The Virginian--A Horseman Of The Plainsr
The Game And The Nation--Act Second
"That is the only step I have had to take this whole trip," said the Virginian. He holstered
his pistol with a jerk. "I have been fearing he would force it on me." And he looked at
empty, receding Dakota with disgust. "So nyeh back home!" he muttered.
"Known your friend long?" whispered Scipio to me.
"Fairly," I answered.
Scipio's bleached eyes brightened with admiration as he considered the Southerner's
back. "Well," he stated judicially, "start awful early when yu' go to fool with him, or he'll
make you feel unpunctual."
"I expaict I've had them almost all of three thousand miles," said the Virginian, tilting his
head toward the noise in the caboose. "And I've strove to deliver them back as I received
them. The whole lot. And I would have. But he has spoiled my hopes." The deputy
foreman looked again at Dakota. "It's a disappointment," he added. "You may know what
I had known a little, but not to the very deep, of the man's pride and purpose in this trust.
Scipio gave him sympathy. "There must be quite a balance of 'em left with yu' yet," said
"I had the boys plumb contented," pursued the deputy foreman, hurt into open talk of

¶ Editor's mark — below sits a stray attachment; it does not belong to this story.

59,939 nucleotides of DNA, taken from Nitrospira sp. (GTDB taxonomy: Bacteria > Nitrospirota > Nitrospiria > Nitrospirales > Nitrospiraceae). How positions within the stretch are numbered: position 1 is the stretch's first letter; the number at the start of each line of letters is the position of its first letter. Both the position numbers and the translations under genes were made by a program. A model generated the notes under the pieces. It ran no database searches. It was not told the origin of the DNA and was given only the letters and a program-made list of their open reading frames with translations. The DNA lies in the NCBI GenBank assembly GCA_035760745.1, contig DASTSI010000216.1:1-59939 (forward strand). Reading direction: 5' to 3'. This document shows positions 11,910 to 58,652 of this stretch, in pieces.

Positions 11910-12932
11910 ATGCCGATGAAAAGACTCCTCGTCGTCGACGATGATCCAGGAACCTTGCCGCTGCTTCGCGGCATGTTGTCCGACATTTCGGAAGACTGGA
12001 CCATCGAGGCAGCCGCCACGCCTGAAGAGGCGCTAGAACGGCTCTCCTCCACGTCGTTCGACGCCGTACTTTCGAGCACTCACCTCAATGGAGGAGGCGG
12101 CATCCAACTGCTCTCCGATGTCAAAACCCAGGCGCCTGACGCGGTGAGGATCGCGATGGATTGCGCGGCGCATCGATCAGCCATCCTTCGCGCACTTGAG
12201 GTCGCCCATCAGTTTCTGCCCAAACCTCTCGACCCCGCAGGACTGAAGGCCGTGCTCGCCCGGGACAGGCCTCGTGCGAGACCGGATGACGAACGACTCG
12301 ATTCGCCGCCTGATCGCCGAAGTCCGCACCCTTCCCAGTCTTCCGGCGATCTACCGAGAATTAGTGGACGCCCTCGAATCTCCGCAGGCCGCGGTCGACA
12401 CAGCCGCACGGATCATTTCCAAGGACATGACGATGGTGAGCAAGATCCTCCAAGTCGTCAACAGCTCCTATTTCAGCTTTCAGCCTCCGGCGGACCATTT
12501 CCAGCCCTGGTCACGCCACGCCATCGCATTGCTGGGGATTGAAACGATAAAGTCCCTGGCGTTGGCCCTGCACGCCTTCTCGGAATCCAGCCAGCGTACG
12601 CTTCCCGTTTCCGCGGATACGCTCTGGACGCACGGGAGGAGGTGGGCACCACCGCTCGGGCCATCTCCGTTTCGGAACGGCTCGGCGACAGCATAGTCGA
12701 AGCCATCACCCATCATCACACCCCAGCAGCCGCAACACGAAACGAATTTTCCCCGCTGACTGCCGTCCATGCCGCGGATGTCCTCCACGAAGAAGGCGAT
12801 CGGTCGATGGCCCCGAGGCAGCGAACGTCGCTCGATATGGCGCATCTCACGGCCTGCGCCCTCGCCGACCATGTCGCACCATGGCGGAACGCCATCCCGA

himself. "Away along as far as Saynt Paul I had them reconciled to my authority. Then
this news about gold had to strike us."
"And they're a-dreamin' nuggets and Parisian bowleyvards," suggested Scipio.
The Virginian smiled gratefully at him.
"Fortune is shinin' bright and blindin' to their delicate young eyes," he said, regaining his
We all listened a moment to the rejoicings within.
"Energetic, ain't they?" said the Southerner. "But none of 'em was whelped savage
enough to sing himself bloodthirsty. And though they're strainin' mighty earnest not to be
tame, they're goin' back to Sunk Creek with me accordin' to the Judge's awders. Never a
calf of them will desert to Rawhide, for all their dangerousness; nor I ain't goin' to have
any fuss over it. Only one is left now that don't sing. Maybe I will have to make some
arrangements about him. The man I have parted with," he said, with another glance at
Dakota, "was our cook, and I will ask yu' to replace him, Colonel."